Tests performed on samples of your blood and urine are the first step in the investigation of kidney problems. Tests of these types can show how well the kidneys are removing excess fluids and waste. When changes in the shape or size of the kidney, bladder or urinary tract are suspected, a variety of imaging tests can be used. A sample of kidney tissue, a biopsy, is sometimes helpful in diagnosing the specific cause of the problem.
Tests commonly used for screening and diagnosis –There are several tests commonly used to help the healthcare professional recognise if you have kidney or urinary disease. A blood sample can be analysed for creatinine (and estimated glomerular filtration rate [eGFR]) and urea. The level of these waste products in the blood increases as kidney filtration declines. Abnormal results are usually the first sign that kidney disease is present. A urine sample is typically also examined and analysed (urinalysis) as part of routine screening. This set of tests looks for indicators of kidney and urinary disease such as red blood cells, white blood cells (WBCs or leukocytes), and protein in the urine. If you have diabetes or high blood pressure, the amount of protein in your urine should be checked at least yearly to detect kidney disease in its early stages. Often a particular protein called albumin is measured: increased amounts of albumin in the urine are referred to as microalbuminuria. When you have symptoms suggesting infection, a urine culture can confirm the presence of a bacterial infection.
Tests to monitor kidney function –If you have been diagnosed with a kidney disease, your health care provider will request laboratory tests to help monitor kidney function. Blood levels of urea and creatinine are measured from time to time to see if the kidney disease is getting worse. The amount of calcium and phosphate in the blood and the balance of serum and urine electrolytes can also be measured, as these are often affected by kidney disease. Haemoglobin, measured as part of a full blood count (FBC) may be measured (the kidneys make a hormone, erythropoietin, that controls red blood cell production). Urine total protein or albumin can be used to test the effects of treatment in diabetes and nephrotic syndrome (a condition where the kidneys leak large amounts of protein into the urine). Parathyroid hormone, which controls calcium levels, is often increased in kidney disease and it may be checked to see if bone damage is developing that requires treatment.
|Condition||Tests Used in Diagnosis||Tests Used to Follow|
|Chronic kidney disease (chronic renal failure)||Serum urea, creatinine, eGFR, urinalysis||Serum urea, creatinine, eGFR, electrolytes, calcium, phosphate, alkaline
phosphatase, parathyroid hormone, FBC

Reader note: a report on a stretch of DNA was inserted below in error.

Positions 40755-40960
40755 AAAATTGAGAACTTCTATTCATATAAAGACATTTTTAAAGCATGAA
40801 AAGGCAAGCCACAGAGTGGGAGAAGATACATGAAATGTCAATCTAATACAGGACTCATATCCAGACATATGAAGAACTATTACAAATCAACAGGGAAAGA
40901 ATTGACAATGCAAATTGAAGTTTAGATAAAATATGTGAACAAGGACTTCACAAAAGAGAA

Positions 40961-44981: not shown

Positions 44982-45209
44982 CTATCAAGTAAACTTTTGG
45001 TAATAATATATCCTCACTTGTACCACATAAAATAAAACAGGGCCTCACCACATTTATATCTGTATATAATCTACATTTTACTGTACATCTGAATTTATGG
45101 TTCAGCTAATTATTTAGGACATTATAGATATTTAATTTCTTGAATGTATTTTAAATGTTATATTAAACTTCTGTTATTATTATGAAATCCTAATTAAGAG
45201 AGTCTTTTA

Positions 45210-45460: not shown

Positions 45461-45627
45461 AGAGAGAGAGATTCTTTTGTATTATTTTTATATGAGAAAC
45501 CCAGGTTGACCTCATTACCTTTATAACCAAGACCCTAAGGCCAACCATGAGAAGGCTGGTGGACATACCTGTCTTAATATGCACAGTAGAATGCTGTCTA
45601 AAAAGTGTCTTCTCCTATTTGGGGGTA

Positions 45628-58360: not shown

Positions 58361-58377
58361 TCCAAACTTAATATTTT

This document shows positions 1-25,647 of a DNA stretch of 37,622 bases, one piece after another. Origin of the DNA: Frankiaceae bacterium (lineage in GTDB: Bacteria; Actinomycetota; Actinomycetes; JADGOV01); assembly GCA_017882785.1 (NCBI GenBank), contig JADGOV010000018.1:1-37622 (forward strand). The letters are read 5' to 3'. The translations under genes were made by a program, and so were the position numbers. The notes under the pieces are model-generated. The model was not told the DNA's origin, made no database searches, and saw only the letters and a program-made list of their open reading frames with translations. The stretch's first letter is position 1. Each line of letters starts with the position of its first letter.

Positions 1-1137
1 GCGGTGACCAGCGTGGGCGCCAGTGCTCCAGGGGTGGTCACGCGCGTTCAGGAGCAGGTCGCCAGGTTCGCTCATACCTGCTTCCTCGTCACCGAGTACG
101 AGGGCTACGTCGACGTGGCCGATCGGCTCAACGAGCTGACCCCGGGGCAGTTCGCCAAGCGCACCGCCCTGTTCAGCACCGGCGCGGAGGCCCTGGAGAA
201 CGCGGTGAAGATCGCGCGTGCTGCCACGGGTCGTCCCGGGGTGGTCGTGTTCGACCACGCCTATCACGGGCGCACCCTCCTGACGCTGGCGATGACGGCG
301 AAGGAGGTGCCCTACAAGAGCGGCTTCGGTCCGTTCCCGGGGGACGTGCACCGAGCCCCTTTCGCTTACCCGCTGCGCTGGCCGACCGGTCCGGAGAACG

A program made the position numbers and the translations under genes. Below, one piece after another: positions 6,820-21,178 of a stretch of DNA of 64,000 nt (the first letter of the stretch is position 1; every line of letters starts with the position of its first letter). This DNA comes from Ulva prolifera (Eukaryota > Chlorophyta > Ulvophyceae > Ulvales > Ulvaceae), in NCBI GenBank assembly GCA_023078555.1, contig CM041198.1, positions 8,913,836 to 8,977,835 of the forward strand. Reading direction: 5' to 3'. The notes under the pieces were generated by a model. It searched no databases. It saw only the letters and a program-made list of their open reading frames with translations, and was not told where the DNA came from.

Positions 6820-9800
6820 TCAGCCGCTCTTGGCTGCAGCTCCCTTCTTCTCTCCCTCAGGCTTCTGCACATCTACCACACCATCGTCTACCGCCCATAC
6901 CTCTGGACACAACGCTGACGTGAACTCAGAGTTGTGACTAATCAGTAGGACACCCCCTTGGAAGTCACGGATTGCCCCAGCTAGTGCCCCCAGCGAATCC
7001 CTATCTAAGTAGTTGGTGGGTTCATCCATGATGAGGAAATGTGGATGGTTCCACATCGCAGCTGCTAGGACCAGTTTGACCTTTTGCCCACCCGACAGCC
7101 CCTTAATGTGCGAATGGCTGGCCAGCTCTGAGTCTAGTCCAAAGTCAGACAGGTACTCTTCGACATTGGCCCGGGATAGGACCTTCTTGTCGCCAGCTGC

|Urinary tract infections||Urinalysis, urine culture||Urinalysis, urine culture|
|Kidney stones||Imaging (see below), urinalysis||Urine sodium, calcium, phosphate, citrate, oxalate, uric acid|
|Nephrotic syndrome||Urinalysis; serum albumin, total protein, cholesterol; urine total protein; antinuclear antibody (ANA) test, hepatitis B test, hepatitis C test; complement levels||Urine total protein, serum cholesterol, urea, creatinine, eGFR|
|Nephritis||Urinalysis, serum urea, creatinine, eGFR, serum albumin, urine total protein, antinuclear antibody (ANA) test, antistreptolysin O, antiglomerular basement membrane antibody, antineutrophil cytoplasmic antibodies (ANCA)||Serum urea, creatinine, eGFR, urinalysis|
|Kidney disease due to diabetes or high blood pressure||Urine microalbumin||Urine microalbumin,
urine total protein, serum urea, creatinine, eGFR
|Acute Kidney Injury (AKI)||Rate of increase in serum creatinine.
Serum sodium, urea, eGFR
|Serum creatinine, sodium, urea, eGFR|
Imaging techniques –If blockage to the flow of urine or kidney damage which might alter the shape or size of the kidney or urinary tract is suspected, a picture of the kidneys can be helpful. Imaging techniques such as an ultrasound, CT scan (computed tomography), isotope scan, or intravenous pyelogram (IVP) may be used. Various x-ray procedures can also be employed, such as an intravenous urogram, micturating cystogram (picture whilst passing urine), or renal arteriogram (which looks af the flow of blood in the kidney.
Kidney biopsy –A biopsy can determine the cause of protein or blood in the urine. Analysing a small piece of kidney tissue can reveal the nature and extent of structural damage to a kidney. A biopsy, obtained using a biopsy needle and diagnostic imaging equipment, is often useful when disease of the glomerular filter is suspected.